Sunday, November 22, 2009

Sleeping Giant: The Other Quiet Side

After pulling into the main parking area and finding it mobbed with November hikers, I decided to try out the north side of the park. I drove down Tuttle Ave and parked at the small lot for the red circle trail. There was a pasture with horses across the street, and not a single hiker. Sweet. The Red Circle Trail and a bridle trail immediate split along this stream.

They do a great job marking the trails at Sleeping Giant. The blazes are always fresh, they're easy to understand, look professional, and there are generally just the right amount of blazes. Because there are so many trails, they have to use lots of colors and shapes. They have "crossover" trails that are blazed one color in one direction and another color in the opposite direction. And finally you have the bridle trails marked with a white horseshoe on black (or "U"), as well as some "X" trails, also white on black. I started out on the "U" trail.

Here on the north side I got an entirely different perspective of Sleeping Giant. The trails were easy to walk, and I came out onto this farmland scene.

My search for treasure then took me onto the Quinnipiac Trail for a bit. Things were definitely more rugged here than on the bridle trails.

You walk up the woodland trail and then BAM, there's a view at the top of Hezekiah's Knob:

After that I meandered on various trails in search of treasure. The trails got much busier. As much as I've hiked in the Giant I still found myself on trails I'd never been on before, like this portion of the Orange Trail, where I caught glimpses of the Tower in the distance:

As the sun sank towards the horizon (it gets dark so early these days!), I looped back towards the parking area, but not before a detour onto the violet trail.

That was probably a mistake, because I found the sun setting while I was still up on the ridge. Oops. I was comforted by the flashlight in my backpack and my gps. Still, the footing is tricky even in daylight. I wouldn't want to hike down in the dark.

Well, I'm sorry, I should have some spectacular pictures of my trip down the gorge to my car, because there were all kinds of waterfalls, cascades, and so forth. They just went on and on as I descended along the stream (the same stream that's in the first photo). I was stunned, having never seen this before (and the water was running pretty well). But it was much too dark. So I will endeavor to return, because that is my new favorite entrance to Sleeping Giant :-).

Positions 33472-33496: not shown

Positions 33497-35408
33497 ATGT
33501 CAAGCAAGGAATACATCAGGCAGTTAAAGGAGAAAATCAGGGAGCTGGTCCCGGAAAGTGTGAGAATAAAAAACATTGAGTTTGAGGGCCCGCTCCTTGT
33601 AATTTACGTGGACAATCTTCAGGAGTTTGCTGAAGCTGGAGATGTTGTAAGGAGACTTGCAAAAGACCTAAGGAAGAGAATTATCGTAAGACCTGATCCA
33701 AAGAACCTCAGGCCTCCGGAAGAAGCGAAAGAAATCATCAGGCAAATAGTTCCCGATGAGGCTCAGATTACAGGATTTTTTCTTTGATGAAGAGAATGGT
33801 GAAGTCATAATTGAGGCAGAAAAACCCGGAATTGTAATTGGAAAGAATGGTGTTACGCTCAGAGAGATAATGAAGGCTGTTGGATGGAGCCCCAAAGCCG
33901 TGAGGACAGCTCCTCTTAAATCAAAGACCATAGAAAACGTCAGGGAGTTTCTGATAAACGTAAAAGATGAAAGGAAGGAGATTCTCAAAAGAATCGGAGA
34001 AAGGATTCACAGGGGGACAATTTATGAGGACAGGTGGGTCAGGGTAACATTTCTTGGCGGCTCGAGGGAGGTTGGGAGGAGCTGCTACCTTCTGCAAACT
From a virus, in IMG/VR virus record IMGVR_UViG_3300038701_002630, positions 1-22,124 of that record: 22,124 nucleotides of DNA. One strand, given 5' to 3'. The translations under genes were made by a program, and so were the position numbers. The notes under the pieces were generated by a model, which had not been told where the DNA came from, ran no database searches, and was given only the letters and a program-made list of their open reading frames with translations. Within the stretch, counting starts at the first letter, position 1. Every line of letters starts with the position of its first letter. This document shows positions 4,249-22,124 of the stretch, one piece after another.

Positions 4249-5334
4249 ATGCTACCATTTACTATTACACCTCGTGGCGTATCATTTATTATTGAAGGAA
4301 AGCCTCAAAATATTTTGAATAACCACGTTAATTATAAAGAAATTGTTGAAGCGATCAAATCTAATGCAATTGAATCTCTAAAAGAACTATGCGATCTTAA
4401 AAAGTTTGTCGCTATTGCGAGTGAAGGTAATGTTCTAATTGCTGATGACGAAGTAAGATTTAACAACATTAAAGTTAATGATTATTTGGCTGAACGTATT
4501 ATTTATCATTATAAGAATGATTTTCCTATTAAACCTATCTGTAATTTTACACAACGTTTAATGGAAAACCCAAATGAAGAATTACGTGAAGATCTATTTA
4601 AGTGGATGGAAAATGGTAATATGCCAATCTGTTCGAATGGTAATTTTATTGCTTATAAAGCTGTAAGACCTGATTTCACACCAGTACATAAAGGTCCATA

Dick Skudlarek said...

I've never been to Sleeping Giant, but your descriptions have whet my appetite. So many little time!

SereneWolf said...

Wow, that shot of the farmhouse is really great! I think I have been to that vantage point a long time ago... I have not been able to find my way back since. Where is it??

Have you ever checked out the CAVES on Sleeping Giant? There are about seven that I know of. (one is filled with pretty large, unhappy looking spiders however...)

Teresa said...

The farmhouse is off the northeast side of the park, visible from the "U" bridle trail.

I haven't seen the caves, and I'm not even sure where they are, but I did take a picture of a small cave I saw from a distance during my last visit. Alas, that was in the camera I lost.

SereneWolf said...

The most popular one is called "Deadman's Cave" and it is down in the talus rockpile and cliff area below the castle... (think GREEN TRAIL) You have to climb to get to it, but when you get into the entranceway, it twists down into the side of the cliff and becomes a small room big enough for a few people. At the back side of the room the whole thing "slants" and drops down into a dark crawlspace (there is a log against the wall to help you down) and then there's a hole in the floor the size of a manhole at the end. If you drop down into that, it is about a six foot drop into another, larger room, with passages off to the side and some smaller rooms. There is a lot of graffiti, so you won't exactly feel like you are "discovering" anything... but there are tiny little bats on the cielings in the lower rooms - which is kind of cool.
It might be better to check it out in the dead of winter. There are not as many people up there then, and in the summer time the upper cave is also host a number of large spiders (if you are arachnaphobic, these are not what you want to see. A Google search under "Meta Ovalis" will show you.) and you may very well cross paths with some decnet sized and not always even-tempered Copperhead snakes in the rockpile around the cave. (they are only dangerous if they actually bite you, so just keep that from happening and you are okay :-) LOL